Xeroderma pigmentosum (XP) is a rare, recessive, photosensitive and cancer-prone syndrome, the biochemical hallmark of which is a defect in nucleotide excision repair of ultraviolet (UV)–induced mutagenic lesions. After isolation and amplification of several strains of XP-C keratinocytes and fibroblasts, a three-dimensional skin model in vitro comprising both epidermis and a dermal equivalent could be obtained. XP dermal tissues and XP epidermis displayed specific morphological and biochemical characteristics compared with tissues obtained with normal cells. One of the major features was the formation of epidermal invaginations into the dermal equivalent. After UV-B exposure, and contrary to repair of DNA lesions in normal cells, the XP model displayed repair deficiency with long-lasting persistence of UV-induced DNA damage and p53 positive nuclei. Recent data obtained after genetic correction leading to functional XPC gene in keratinocytes and fibroblasts revealed that several abnormal features could be normalized. In conclusion, reconstruction of XP skin in vitro provides a very promising system to study genetic hyperphotosensitivity and opens a rational perspective to XP tissue therapy.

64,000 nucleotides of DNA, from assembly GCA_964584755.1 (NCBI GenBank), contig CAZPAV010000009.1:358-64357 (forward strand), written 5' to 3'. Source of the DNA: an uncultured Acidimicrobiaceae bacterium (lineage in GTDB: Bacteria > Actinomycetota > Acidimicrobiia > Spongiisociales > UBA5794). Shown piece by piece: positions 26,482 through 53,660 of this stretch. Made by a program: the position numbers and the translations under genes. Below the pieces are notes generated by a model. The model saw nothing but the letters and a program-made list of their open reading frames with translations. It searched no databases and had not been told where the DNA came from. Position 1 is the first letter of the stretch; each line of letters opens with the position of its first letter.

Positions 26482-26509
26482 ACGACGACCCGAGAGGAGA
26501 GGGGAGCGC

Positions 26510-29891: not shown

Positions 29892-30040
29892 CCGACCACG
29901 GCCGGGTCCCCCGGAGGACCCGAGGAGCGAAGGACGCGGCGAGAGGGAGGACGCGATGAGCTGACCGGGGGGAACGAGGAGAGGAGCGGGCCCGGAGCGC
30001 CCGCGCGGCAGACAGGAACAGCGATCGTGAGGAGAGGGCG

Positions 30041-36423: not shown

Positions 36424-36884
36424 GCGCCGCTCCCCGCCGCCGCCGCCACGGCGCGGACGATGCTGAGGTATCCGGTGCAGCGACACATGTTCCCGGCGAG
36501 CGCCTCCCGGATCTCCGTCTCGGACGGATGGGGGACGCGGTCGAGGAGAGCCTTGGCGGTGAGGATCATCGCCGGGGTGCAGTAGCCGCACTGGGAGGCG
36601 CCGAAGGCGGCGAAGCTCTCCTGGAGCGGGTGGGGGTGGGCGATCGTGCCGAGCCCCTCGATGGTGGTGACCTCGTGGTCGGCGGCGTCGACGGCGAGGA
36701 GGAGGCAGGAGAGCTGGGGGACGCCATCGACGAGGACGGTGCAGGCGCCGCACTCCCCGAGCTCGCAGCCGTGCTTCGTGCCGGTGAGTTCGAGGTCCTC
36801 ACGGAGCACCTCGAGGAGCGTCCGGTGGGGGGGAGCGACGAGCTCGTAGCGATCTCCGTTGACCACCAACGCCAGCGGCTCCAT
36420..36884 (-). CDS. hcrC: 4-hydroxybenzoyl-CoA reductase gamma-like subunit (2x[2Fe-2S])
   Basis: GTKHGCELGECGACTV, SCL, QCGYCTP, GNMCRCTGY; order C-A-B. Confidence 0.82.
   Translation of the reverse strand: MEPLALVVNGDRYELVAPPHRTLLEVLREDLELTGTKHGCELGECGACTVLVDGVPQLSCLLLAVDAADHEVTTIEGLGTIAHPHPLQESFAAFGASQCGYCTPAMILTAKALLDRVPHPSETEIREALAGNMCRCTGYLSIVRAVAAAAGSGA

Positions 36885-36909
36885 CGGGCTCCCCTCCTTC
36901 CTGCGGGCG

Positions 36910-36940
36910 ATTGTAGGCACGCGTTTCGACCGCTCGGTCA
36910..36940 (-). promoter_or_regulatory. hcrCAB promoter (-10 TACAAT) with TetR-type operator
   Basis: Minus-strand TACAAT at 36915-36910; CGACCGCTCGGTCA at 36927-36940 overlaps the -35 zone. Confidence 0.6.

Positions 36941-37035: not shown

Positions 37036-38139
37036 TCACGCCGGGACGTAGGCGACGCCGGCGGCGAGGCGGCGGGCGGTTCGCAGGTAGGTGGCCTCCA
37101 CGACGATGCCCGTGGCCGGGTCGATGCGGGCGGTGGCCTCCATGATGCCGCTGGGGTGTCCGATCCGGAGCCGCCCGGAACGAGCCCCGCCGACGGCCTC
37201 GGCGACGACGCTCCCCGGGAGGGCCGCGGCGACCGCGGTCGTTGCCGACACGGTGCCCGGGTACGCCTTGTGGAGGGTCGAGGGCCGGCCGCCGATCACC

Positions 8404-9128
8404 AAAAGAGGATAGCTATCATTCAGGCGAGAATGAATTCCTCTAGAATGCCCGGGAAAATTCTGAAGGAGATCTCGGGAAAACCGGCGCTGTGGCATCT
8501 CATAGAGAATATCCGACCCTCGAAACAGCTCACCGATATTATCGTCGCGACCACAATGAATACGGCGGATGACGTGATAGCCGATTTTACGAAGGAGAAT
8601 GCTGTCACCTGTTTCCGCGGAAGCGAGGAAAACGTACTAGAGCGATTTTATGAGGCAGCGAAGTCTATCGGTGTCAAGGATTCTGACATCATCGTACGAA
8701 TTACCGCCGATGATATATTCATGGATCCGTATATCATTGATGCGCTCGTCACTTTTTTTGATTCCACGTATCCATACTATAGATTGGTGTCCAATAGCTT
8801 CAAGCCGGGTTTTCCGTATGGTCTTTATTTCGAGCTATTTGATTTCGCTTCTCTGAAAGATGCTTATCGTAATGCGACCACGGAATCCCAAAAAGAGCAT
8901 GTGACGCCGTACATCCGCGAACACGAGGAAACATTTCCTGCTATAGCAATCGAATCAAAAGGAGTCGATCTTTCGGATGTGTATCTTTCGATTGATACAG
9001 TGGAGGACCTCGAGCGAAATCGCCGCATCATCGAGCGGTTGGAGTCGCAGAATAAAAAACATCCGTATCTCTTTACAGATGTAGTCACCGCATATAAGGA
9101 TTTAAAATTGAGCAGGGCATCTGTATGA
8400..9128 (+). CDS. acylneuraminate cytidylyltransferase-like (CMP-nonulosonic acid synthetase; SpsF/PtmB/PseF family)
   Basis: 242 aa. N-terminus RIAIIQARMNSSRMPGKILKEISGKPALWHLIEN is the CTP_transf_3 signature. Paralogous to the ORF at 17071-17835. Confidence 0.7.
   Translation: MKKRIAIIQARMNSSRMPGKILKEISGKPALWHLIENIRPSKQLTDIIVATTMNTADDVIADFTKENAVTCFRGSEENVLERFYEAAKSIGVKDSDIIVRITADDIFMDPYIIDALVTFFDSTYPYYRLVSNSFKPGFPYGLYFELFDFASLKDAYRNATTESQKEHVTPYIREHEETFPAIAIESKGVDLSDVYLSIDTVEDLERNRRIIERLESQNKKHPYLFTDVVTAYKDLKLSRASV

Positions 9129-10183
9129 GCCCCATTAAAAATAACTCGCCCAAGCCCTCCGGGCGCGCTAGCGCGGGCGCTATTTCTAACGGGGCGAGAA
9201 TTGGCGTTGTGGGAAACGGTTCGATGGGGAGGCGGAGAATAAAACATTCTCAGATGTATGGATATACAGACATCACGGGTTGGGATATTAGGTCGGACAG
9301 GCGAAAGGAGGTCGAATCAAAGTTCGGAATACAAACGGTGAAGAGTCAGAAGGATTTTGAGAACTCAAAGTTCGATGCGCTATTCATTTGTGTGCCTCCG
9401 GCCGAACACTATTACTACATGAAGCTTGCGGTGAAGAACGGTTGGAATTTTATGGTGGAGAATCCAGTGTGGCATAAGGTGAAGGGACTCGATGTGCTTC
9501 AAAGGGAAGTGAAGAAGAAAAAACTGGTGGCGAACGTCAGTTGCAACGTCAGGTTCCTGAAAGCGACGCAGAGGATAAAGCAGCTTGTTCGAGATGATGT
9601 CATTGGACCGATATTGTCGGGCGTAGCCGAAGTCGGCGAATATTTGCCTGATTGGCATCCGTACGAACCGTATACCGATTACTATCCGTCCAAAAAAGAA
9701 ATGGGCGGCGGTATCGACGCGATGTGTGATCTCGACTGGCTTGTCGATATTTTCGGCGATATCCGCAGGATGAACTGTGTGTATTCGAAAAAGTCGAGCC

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Vol. 81 • No. 1